Standard Article

Chemistry of Fatty Acids

  1. Charlie Scrimgeour

Published Online: 15 JUL 2005

DOI: 10.1002/047167849X.bio005

Bailey's Industrial Oil and Fat Products

Bailey's Industrial Oil and Fat Products

How to Cite

Scrimgeour, C. 2005. Chemistry of Fatty Acids. Bailey's Industrial Oil and Fat Products. 1:1.

Author Information

  1. Scottish Crop Research Institute, Dundee, Scotland

Publication History

  1. Published Online: 15 JUL 2005


Oils and fats consist of triacylglycerols containing a range of fatty acids. Commodity oils are predominantly sources of C16–C18 fatty acids (corn, cottonseed, groundnut, linseed, olive, palm, rape, sesame, soybean, sunflower), whereas some contain short- and medium- chain fatty acids (butter, coconut, palm kernel) or long-chain fatty acids (fish) in various proportions. Fatty acid and triacylglycerol composition determines the physical, chemical, and nutritional properties of oils and fats and their uses in both food and oleochemical manufacture. Fatty acids generally contain only two types of reactive functional groups, the terminal carboxyl and a number of carbon–carbon double bonds. Reaction at, or modification of, these groups is central to their industrial use. Oxidation (particularly oxidative degradation of edible fats), reduction (particularly partial hydrogenation), and reactions used to produce surfactants and oleochemicals (epoxidation, ozonolysis, metathesis, sulfonation, production of nitrogen-containing derivatives) are described. A current concern is the environmental impact of industrial chemistry and new processes that use less solvent, milder conditions, and renewable resources, and that produce less waste are required. Oils and fats are a major renewable resource, and environmental concerns may be met through the use of enzymes and improved chemical catalysts as alternatives to current technology. Novel chemistry of oils, fats,and fatty acid derivatives with potential industrial application is highlighted, particularly that introducing new functionality to the alkyl chain.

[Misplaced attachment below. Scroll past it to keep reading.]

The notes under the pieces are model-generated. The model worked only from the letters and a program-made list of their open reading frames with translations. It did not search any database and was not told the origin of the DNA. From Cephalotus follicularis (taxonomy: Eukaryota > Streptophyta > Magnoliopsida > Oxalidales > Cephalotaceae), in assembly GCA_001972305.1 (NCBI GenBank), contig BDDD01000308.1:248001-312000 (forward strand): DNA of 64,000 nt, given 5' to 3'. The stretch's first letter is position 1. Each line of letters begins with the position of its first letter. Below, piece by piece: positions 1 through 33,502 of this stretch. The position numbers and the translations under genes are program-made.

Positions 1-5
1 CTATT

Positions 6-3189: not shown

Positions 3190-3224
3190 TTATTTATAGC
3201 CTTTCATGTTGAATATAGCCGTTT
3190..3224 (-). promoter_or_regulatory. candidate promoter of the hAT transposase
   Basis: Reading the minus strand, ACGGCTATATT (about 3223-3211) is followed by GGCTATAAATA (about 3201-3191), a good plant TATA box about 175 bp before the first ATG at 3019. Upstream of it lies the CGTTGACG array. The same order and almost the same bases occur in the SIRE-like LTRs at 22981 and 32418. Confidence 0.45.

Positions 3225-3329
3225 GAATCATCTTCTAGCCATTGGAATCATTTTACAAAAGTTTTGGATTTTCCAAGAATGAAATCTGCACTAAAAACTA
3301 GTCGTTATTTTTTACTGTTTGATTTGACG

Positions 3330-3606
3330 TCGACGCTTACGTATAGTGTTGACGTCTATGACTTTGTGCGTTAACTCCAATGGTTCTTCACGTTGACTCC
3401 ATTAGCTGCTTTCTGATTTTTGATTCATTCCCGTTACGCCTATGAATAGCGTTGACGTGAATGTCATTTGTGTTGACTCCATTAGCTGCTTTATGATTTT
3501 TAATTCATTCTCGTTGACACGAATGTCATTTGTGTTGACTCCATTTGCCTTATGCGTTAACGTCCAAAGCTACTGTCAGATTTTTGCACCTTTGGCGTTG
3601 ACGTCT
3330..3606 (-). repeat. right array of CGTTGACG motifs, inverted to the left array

• acylglycerols;
  • epoxidation;
  • fatty acids;
  • lipase;
  • metathesis;
  • oleochemicals;
  • oxidation;
  • ozonolysis;
  • reduction